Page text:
Nora and Reis both agree that while “Drag Race” is entertaining, it doesn’t accurately display the quality of drag or its community. Daniels refers to this as “watered-down” drag.

“I think ‘Drag Race’ represents a fraction of the overall drag community,” Reed said. “Drag is open to many different interpretations.”

The show’s host, RuPaul Charles, has faced notorious claims of being transphobic based on policing the gender identities of potential contestants. Charles is widely considered the most successful drag queen of all time for bringing drag into its current limelight, but Daniels said “Drag Race” has a long way to go to be able to fully express drag or LGBTQ+ culture.

“I think it’s kind of audastic for [Charles] to intercede upon people’s art like that. I feel like he’s kind of force-feeding things down people’s throats,” Daniels said. “I don’t think that drag really needed to be mainstream.”

Gone are the days — hopefully — that people think drag performances are for attaining sexual pleasure. Drag kings and queens are artists, performers and storytellers. They want to entertain an audience.

“Half the time, I feel terrible when I’m doing drag,” Nora said, referring to the nerves and anxiety that come with performing in front of a crowd. “You have to think outside of yourself.”

Being in front of a critical audience is no different than Reis’ day job. She is a computer science teacher for students grades nine through 12 at a local school, where she said up to a quarter of the students are LGBTQ+.

“For a lot of the straight kids, I am the only gay person they know, which is kind of scary,” she said. “So I can’t be a ‘bad’ gay person. I can’t give the gay community a bad name.”

Sarah Cutshall | Visual Editor (left) and Hannah Heisler | Staff Photographer (right)
Erin Reis (left) next to her drag persona, Noah Little (right).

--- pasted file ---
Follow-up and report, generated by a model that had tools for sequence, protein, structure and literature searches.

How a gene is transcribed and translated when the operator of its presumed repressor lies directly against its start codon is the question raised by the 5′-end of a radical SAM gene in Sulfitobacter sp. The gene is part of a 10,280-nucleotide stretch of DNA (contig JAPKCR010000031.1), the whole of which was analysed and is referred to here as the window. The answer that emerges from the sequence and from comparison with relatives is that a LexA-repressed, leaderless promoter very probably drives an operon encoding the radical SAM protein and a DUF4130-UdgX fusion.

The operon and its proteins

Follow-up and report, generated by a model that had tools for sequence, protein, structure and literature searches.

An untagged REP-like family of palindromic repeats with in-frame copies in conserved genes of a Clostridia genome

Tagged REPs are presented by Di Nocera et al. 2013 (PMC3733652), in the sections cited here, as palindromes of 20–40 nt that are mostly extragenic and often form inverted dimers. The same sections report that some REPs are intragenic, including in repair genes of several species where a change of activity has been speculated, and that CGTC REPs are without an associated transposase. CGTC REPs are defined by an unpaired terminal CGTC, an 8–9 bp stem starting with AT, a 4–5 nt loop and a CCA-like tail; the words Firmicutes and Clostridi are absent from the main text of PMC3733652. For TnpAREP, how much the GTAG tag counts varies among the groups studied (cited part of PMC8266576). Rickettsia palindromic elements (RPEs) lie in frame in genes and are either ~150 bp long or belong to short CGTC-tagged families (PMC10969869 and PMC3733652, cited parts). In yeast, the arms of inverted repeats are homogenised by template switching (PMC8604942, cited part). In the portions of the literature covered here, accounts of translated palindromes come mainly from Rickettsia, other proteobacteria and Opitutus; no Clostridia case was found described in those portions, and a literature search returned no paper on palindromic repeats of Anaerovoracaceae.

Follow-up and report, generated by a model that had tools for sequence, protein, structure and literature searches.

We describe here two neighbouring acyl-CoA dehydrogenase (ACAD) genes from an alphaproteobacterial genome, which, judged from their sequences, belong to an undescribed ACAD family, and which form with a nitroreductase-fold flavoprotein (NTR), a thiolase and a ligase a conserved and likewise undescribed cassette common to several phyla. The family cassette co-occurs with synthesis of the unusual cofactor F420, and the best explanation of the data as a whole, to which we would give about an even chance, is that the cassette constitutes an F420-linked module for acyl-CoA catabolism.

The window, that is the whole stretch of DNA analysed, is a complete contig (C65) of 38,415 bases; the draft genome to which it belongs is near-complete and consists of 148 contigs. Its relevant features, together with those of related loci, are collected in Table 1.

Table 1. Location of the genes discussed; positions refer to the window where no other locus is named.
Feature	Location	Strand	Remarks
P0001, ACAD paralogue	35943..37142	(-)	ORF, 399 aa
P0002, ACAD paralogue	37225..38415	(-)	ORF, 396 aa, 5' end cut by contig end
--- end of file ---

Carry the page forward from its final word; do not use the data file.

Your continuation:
Despite the confidence drag queens and kings are supposed to exemplify on stage, the performer doesn’t always have that same demeanor. Reed’s very first drag performance only happened thanks to pressure from Pitt grad and winner of the second season of “RuPaul’s Drag Race All Stars,” Alaska Thunderf — 5000.

“The song was ‘Born To Die’ by Lana Del Rey, I thought I was hot shit. I grabbed a beer out of someone’s hand mid-song and downed that sucker like my life depended on it,” Reed said in an email. “Was it a great performance? Not at all, but it was ripping off the Band-Aid.”

LGBTQ+ and drag cultures are blossoming in Pittsburgh, with numerous gay bars and clubs hosting drag or other queer-affiliated shows — Element, 5801 Video Lounge and Blue Moon Bar, to name a few — in its multiple neighborhoods. Nora notes that there isn’t a day of the week that doesn’t have a drag show in Pittsburgh, and Reis said the camaraderie and bonds in the Pittsburgh drag community are very strong.

“I saw a completely different side of Pittsburgh [at drag shows],” Nora said.

As drag and LGBTQ+ culture become even more mainstream — whether or not it’s good for them, really — it’s important to remember the strenuous battle queer people have faced to have a community all their own.

“I didn’t find out about drag,” Daniels said. “Drag found out about me.”